Smaller African nations should not fear but embrace AfCFTA, says ECA’s Songwe
Smaller African economies should not fear the African Continental Free Trade Agreement (AfCFTA)but rather embrace the accord for the benefits it will bring to the continent through expanded intra-African trade, says Economic Commission for Africa (ECA) Executive Secretary, Vera Songwe.
In a speech read on her behalf at the 7th meeting of the African Union Ministers of Trade (AMOT) at the ongoing Intra-African Trade Fair in Cairo, Egypt, by David Luke, Coordinator of the ECA’s African Trade Policy Centre (ATPC), Ms. Songwe said there was nothing for smaller nations to fear.
“Beyond central technical considerations in relation to the design of AfCFTA modalities, ECA’s assessment reveals that smaller economies should certainly not fear the AfCFTA reforms but rather embrace it; particularly, as African LDCs would be those getting the largest increase in intra-African exports of industrial products,” she said.
“And of course, it must be underscored that such benefits will only materialize if the AfCFTA reforms are properly designed and effectively implemented.”
She continued: “Our analysis shows that the AfCFTA is win-win for all countries, big and small, agricultural and industrial, landlocked and coastal, in regard to both increases in exports and overall welfare or GDP.”
Ms. Songwe said the ECA is strongly committed to continue supporting AU member States towards the successful realization of the AfCFTA.
The ECA is currently assisting member States with the development and implementation of much needed national AfCFTA strategies, to ensure they can best benefit from the reforms.
“A strong emphasis must be placed on education and skills development in Africa to ensure that the adequate workforce is available, especially in industrial sectors, to transform the trade opportunities envisaged from the AfCFTA into reality,” she said, adding the role of the private sector to harness trade for Africa’s development must not be overlooked in the process.
“It is the private sector that trades, innovates and generates most jobs. Each member State must by now have in place an AFCFTA national implementation committee as recommended by the AU Summit that includes private sector participation,” said Ms. Songwe.
She said getting the AfCFTA right “certainly starts by ensuring that every single element which is part of the agreement, including modalities on trade in goods, is designed to best facilitate the maximization of the benefits of the reforms for African economies”.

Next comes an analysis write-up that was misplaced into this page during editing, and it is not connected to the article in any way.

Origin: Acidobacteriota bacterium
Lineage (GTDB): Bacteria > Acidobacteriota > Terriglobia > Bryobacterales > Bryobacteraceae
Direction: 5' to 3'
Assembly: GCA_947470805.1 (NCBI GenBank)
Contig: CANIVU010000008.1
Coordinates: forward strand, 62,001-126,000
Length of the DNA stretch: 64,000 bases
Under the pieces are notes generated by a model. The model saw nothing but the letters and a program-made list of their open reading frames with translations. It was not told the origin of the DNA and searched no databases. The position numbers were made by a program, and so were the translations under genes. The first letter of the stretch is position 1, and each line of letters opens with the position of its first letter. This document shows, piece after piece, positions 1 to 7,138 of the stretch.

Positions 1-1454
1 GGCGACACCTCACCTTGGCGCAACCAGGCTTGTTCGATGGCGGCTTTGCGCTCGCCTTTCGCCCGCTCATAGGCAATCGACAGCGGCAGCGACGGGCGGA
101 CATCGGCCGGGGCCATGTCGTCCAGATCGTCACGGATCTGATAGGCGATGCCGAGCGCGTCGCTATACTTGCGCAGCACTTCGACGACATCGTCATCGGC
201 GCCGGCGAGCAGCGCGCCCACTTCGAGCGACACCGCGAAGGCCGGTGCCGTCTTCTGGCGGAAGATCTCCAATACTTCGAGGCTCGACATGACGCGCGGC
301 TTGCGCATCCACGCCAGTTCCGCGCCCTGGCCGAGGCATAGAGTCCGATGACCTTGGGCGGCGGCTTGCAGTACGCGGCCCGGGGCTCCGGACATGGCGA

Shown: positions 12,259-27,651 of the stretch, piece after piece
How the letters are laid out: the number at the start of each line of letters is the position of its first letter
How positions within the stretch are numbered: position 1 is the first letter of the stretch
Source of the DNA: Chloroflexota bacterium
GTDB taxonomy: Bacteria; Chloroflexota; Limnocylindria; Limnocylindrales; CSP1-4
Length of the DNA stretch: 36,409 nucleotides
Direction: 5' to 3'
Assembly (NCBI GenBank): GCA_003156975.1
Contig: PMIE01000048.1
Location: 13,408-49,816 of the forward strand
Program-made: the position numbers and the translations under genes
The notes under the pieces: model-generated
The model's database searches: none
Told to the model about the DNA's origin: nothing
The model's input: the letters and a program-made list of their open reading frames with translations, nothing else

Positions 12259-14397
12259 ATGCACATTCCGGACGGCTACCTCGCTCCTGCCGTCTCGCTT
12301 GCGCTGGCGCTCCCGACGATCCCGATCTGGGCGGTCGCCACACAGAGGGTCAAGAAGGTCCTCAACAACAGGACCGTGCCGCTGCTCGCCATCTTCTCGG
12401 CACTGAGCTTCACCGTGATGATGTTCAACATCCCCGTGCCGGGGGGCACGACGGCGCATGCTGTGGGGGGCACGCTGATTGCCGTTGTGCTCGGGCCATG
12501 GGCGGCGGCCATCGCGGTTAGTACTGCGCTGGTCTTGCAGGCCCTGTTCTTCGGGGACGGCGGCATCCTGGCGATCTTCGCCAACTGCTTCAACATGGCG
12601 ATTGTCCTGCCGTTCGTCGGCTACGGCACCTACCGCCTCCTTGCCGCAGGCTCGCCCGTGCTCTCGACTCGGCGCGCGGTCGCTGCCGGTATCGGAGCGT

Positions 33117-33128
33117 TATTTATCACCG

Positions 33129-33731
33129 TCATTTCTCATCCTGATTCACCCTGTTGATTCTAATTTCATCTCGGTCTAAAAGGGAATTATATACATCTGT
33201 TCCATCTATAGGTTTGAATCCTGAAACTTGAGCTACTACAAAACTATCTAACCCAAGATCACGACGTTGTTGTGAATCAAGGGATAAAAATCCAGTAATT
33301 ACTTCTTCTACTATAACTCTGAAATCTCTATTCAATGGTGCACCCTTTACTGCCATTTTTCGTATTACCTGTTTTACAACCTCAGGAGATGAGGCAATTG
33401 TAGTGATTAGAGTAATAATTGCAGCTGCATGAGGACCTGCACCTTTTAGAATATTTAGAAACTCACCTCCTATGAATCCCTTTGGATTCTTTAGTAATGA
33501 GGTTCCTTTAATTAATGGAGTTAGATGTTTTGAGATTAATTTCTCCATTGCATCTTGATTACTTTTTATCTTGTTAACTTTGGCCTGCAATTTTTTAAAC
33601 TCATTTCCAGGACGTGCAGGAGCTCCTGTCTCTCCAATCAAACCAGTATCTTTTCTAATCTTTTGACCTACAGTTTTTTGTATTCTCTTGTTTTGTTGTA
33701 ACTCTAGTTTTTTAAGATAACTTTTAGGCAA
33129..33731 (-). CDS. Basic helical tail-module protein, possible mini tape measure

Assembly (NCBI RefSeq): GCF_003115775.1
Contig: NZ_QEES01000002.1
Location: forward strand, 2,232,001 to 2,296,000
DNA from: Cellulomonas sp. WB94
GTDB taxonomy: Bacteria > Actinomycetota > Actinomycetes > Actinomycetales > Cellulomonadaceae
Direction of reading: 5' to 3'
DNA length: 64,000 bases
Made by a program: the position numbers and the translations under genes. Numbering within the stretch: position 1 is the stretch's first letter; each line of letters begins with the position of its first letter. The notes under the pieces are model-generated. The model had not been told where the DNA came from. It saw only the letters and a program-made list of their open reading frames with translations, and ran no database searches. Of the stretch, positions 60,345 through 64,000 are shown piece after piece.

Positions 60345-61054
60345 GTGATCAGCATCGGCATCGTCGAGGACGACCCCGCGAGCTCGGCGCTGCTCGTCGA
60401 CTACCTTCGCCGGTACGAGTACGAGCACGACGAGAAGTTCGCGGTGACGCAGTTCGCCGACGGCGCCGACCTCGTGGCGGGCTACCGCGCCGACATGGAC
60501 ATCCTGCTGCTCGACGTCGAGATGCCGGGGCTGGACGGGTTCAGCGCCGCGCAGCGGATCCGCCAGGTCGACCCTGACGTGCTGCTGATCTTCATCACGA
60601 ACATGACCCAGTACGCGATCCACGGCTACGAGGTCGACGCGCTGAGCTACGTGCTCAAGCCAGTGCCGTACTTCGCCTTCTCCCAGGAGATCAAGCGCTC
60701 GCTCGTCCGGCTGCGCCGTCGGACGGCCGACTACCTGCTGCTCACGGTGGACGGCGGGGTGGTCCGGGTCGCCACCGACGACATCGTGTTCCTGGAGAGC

In order to assist AU member States address these issues, ECA recently developed a toolkit suggesting several options or criteria to come up with lists of excluded, sensitive and non-sensitive products.
The institution also undertook an empirical analysis to assess the expected incidence on African economies of the different suggested options according to the two envisaged liberalization approaches, that is tariff line approach vs double qualification approach.
The Trade Ministers, in their AfCFTA negotiations, have already agreed to liberalize 90 percent of tariff lines. As regards the remaining 10 percent, the current proposal before the ministers of 7 percent of tariff lines to be designated as sensitive products, and three percent as excluded products representing not more than 10 percent value, is being hailed by the ECA as a good compromise.
“It shows meaningful liberalization given concentration of intra-Africa exports under a few tariff lines,” said Ms. Songwe.
The ECA’s assessment of the AfCFTA modalities on goods suggests at least two key messages that should not be overlooked to get the most out of the AfCFTA reforms.
The findings demonstrate that a double qualification approach to liberalize trade in goods under the AfCFTA would generate larger trade-related benefits for African countries than a tariff line approach.
Liberalizing trade in goods within Africa using a double qualification approach would provide stronger potential to favor Africa’s industrialization process, especially as it ensures intermediates – which can be used to add value in the production process – are liberalized early and therefore rapidly utilized as relatively cheaper inputs towards value addition.
ECA’s analysis also clearly illustrates that African countries should keep their exclusion lists to a minimum in order to maximize the trade-related gains.
The results from the ECA’s empirical work further indicate that a 100 per cent liberalization would still generate greater benefits for African countries, suggesting that the absence of excluded lists is ultimately preferred.